For Jenny Holzer the work lies in the words rather than the particular way in which they are disseminated. So her Truisms have been projected in public spaces, worn as T-shirts, placed on gallery walls, plaques, stickers and postcards and more. The art lies in getting the words out there. Of course there are aesthetic and conceptual decisions about how and where they appear but it is the text and the way the audience encounters it that drives these.
Among the means of display Holzer employs, several involve sites or approaches more usually associated with advertising automatically colouring our response to the messages. Holzer’s slogans often challenge the political status quo in some way, making this appropriation of public display mechanisms all the more interesting.
Holzer’s texts are sometimes alarming, sometimes sinister, sometimes funny, sometimes touching but almost always thought-provoking. The same phrases may appear in several guises and, accordingly, experienced very differently. The way we respond to something read on a gallery wall isn’t the same as our response to a slogan on a T-shirt or s sticker noticed in a public place.
For the Living series, Holzer used bronze plaques as a way of giving the work a level of authority; we read such signs as being official but the text undermines that impression. This is a work that always makes me smile; somehow, though it appeals to a vague sense of paranoia, it seems very cheering.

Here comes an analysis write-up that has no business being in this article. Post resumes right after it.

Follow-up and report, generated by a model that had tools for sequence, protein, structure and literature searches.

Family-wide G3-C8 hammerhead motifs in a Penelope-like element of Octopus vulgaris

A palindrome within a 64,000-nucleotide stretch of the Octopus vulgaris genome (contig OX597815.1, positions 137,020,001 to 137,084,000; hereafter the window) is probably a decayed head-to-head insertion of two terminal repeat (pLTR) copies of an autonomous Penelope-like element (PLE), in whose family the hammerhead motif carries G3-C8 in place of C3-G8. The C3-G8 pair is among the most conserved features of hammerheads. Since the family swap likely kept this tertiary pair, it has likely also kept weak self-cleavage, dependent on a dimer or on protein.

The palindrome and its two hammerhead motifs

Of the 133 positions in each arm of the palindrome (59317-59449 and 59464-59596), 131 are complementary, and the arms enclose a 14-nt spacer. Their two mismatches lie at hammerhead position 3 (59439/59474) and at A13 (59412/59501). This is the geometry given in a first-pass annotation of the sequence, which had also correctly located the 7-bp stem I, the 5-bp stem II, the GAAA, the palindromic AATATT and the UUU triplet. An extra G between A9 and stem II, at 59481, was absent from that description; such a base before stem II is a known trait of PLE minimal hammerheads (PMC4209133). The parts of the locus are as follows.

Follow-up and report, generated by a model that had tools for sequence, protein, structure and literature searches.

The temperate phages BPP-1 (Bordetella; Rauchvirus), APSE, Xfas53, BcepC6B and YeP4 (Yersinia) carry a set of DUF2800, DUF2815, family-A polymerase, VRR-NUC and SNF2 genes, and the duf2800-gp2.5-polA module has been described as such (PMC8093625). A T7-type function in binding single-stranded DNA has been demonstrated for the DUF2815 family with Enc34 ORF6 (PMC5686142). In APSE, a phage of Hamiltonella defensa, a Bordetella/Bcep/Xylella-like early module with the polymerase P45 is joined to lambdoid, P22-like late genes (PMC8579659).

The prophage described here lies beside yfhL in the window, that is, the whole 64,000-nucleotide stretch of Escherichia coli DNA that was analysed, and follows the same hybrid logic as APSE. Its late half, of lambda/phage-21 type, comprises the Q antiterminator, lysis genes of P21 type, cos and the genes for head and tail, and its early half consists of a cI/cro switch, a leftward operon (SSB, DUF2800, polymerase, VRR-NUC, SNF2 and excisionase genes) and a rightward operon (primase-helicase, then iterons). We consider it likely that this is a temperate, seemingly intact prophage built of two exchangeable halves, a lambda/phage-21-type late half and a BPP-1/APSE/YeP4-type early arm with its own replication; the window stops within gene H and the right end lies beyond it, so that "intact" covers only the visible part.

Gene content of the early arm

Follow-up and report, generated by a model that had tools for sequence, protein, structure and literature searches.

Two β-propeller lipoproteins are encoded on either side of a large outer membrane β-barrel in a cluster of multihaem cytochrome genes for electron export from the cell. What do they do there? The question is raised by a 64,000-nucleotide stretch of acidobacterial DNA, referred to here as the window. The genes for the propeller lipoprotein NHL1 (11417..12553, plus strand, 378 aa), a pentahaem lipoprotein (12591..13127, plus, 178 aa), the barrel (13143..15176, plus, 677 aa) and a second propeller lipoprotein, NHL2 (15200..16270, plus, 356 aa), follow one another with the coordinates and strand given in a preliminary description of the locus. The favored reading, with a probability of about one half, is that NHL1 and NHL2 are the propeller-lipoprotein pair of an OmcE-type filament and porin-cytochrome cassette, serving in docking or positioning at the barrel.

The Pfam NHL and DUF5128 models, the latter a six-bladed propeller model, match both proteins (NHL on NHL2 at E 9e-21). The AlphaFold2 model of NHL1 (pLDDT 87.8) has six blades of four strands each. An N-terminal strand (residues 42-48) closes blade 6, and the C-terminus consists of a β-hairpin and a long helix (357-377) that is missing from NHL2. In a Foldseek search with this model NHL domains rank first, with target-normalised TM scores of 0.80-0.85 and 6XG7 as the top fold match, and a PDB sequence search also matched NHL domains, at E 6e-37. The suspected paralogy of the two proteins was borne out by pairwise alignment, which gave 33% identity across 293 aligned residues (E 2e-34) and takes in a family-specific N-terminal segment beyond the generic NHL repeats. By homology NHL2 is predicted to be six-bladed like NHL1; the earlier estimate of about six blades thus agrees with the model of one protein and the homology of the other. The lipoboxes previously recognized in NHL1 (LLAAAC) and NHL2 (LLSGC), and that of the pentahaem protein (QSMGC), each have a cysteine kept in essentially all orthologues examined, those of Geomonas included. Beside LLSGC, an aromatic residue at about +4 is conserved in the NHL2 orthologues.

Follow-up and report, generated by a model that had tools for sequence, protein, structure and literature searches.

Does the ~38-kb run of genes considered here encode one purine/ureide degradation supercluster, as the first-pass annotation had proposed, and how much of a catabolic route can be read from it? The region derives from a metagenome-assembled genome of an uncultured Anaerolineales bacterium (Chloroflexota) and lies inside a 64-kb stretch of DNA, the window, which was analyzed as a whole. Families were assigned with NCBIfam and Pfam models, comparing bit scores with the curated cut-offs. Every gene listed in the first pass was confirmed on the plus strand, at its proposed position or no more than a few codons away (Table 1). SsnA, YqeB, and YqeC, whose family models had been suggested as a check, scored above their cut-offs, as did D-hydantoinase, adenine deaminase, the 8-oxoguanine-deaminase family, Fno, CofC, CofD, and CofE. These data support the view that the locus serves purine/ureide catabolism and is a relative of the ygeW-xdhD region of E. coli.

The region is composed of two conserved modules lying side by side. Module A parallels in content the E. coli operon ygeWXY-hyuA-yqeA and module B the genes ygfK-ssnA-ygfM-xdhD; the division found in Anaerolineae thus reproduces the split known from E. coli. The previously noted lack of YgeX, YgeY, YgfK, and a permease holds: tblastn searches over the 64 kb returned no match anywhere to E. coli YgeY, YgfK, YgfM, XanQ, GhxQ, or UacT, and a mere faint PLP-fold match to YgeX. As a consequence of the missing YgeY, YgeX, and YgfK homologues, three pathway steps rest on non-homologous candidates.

Survival: Savor kindness because cruelty is always possible later, 2003
In recent years, Holzer’s work has often operated either as large scale gallery installations of moving text, an approach employed to good effect at the Guggenheim in New York in 1990 and in a long-term installation at the Guggenheim Bilbao, or as projections onto the outside of public buildings, often highlighting politcal issues in a way calculated to reach as wide an audience as possible.
The use of exterior projections is interesting in that it creates a visual confusion by layering onto public buildings unexpected – and sometimes controversial – imagery such as documents from the National Security archive released under the Freedom of Information Act. By making documentation which is generally hidden very public, Holzer is raising questions and encouraging people to challenge authority.
Ultimately, what interests me most about Holzer’s work is that it shows both a single-mindedness of purpose and an ability to use an extraordinary range of approaches to realising the work and engaging with the widest possible audience. For it to be possible for art to affect social change – something many artists might aspire to to a greater or lesser extent but arguably few achieve – it is surely necessary to get the work out of the gallery and other expected sites. Holzer does this with commitment and intelligence.